19. This excellent sketch from your world had me admiring Benno. I've often noticed how people use their dogs as a distraction - to keep the conversation superficial and light, but here's an excellent example of how they can save you from an awkward situation too.

    I must tell you how your comment today made my whole summer - so unexpected and so very appreciated....

  20. Some folks we must just 'handle' kindly blessing them and going on our way...

    Re: your comments at my blog;
    I am beyond disappointed about the spectacle my country's politicians are putting on!

    Aloha from Waikiki;

    Comfort Spiral


    > < } } ( ° >

    < ° ) } } > <

  21. Very nice description of some awkward moments ... you handle them well!

  22. A classic encounter - always good to have a faithful companion along - perhaps they sense they can help to extricate their mistress from uncomfortable situations.
    What bothers me is when meeting someone who you know slightly and they step very, very close to you - right into that little comfort space we want to keep around us.

  23. "Give us a job , Mister" country-style ?
    Had you met her in the village high street , it would have been uncomfortable enough . But alone , I can see how desperate to get away you were .

  24. manche Leute sind in ihrer vermeintlichen Arglosigkeit schon fast gefährlich finde ich und so ganz spontan: diese Frau würde ich wohl eher ganz intensiv meiden...!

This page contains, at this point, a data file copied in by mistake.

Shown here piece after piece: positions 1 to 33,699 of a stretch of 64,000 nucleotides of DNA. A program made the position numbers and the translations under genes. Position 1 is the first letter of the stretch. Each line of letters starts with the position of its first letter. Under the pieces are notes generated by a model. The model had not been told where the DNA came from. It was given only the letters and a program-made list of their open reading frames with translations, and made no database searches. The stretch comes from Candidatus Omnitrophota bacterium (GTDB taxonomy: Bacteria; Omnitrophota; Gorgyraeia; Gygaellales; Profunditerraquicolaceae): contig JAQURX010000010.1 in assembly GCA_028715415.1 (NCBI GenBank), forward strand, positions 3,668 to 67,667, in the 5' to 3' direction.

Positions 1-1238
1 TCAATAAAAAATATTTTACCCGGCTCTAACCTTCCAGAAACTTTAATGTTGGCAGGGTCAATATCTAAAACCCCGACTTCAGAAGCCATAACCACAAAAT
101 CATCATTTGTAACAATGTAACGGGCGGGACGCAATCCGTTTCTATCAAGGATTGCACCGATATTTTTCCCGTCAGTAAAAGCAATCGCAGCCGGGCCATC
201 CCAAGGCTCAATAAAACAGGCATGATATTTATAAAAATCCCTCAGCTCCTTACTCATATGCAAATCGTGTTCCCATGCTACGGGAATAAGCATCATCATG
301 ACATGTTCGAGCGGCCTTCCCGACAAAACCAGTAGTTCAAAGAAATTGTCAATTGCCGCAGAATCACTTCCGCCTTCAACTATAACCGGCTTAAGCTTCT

Ich wünsche Dir friedvolle Spaziergänge und nur ehrliche und interessante Gespräche :-)!
    und: das Bild ist wirklich sehr schön!

  25. Strangely, we had an encounter with a dog walker who insisted that we shouldn't be allowed to walk in the surrounding countryside...because we didn't have a dog. Hmmm...

  26. Wonderfully told, and thank goodness for lovely Benno! :o)

  27. Hi Friko .. oh I can quite see your encounter .. but to understand the machinations of the mind .. definitely cannot! Those sort of encounters make us uncomfortable and I can read it in your words .. so well expressed. Hilary

  28. so glad to know that it's not just me that has strange encounters :)

  29. I think you handle an awkward situation very well. Enjoyed walking with you today.

  30. Yes I have had these encounters as well. Some get pretty awkward! Ha!
    You did well!

  31. What a strange encounter, but not totally unusual, I suppose. Kinda scary, even.

    Benno deserves a special treat today.

  32. Sometimes it's helpful to remember that we cannot expect a satisfactory end to such an encounter. Other people, for whatever reason, are locked into a strange landscape. Well done for doing so well.

  33. I really enjoyed your story Friko. I live in the "poor" end of my county and several of the houses round here are "half-way" housese, homes for folks in recovery from substance abuse, release from prison, and mental retardation. Occasionally, they want to pet one of my dogs, and stop to admire my garden when their caretakers take them out for walks round the neighborhood. The "simples" never bother me at all.

    A priest who had a brother who was mentally retarded told me once that they were "God's angels." By this, I think he meant they could not do wrong in the way we mere mortals could.

    I think I must be simple, I still refer to my neighbor's house as Bridget's house, although she moved away several years ago.

  34. I love these poetic glimpses into your world!

  35. Well, she was possessed of no grace, but her desperation made me feel a spot of sympathy for her!

  36. Years ago there was a 'simple' fellow in our area who was often at the grocery store. He just wanted to shake hands. I kind of miss him.

    And I still refer to our farm as the Freeman place though we bought it from them 36 years ago.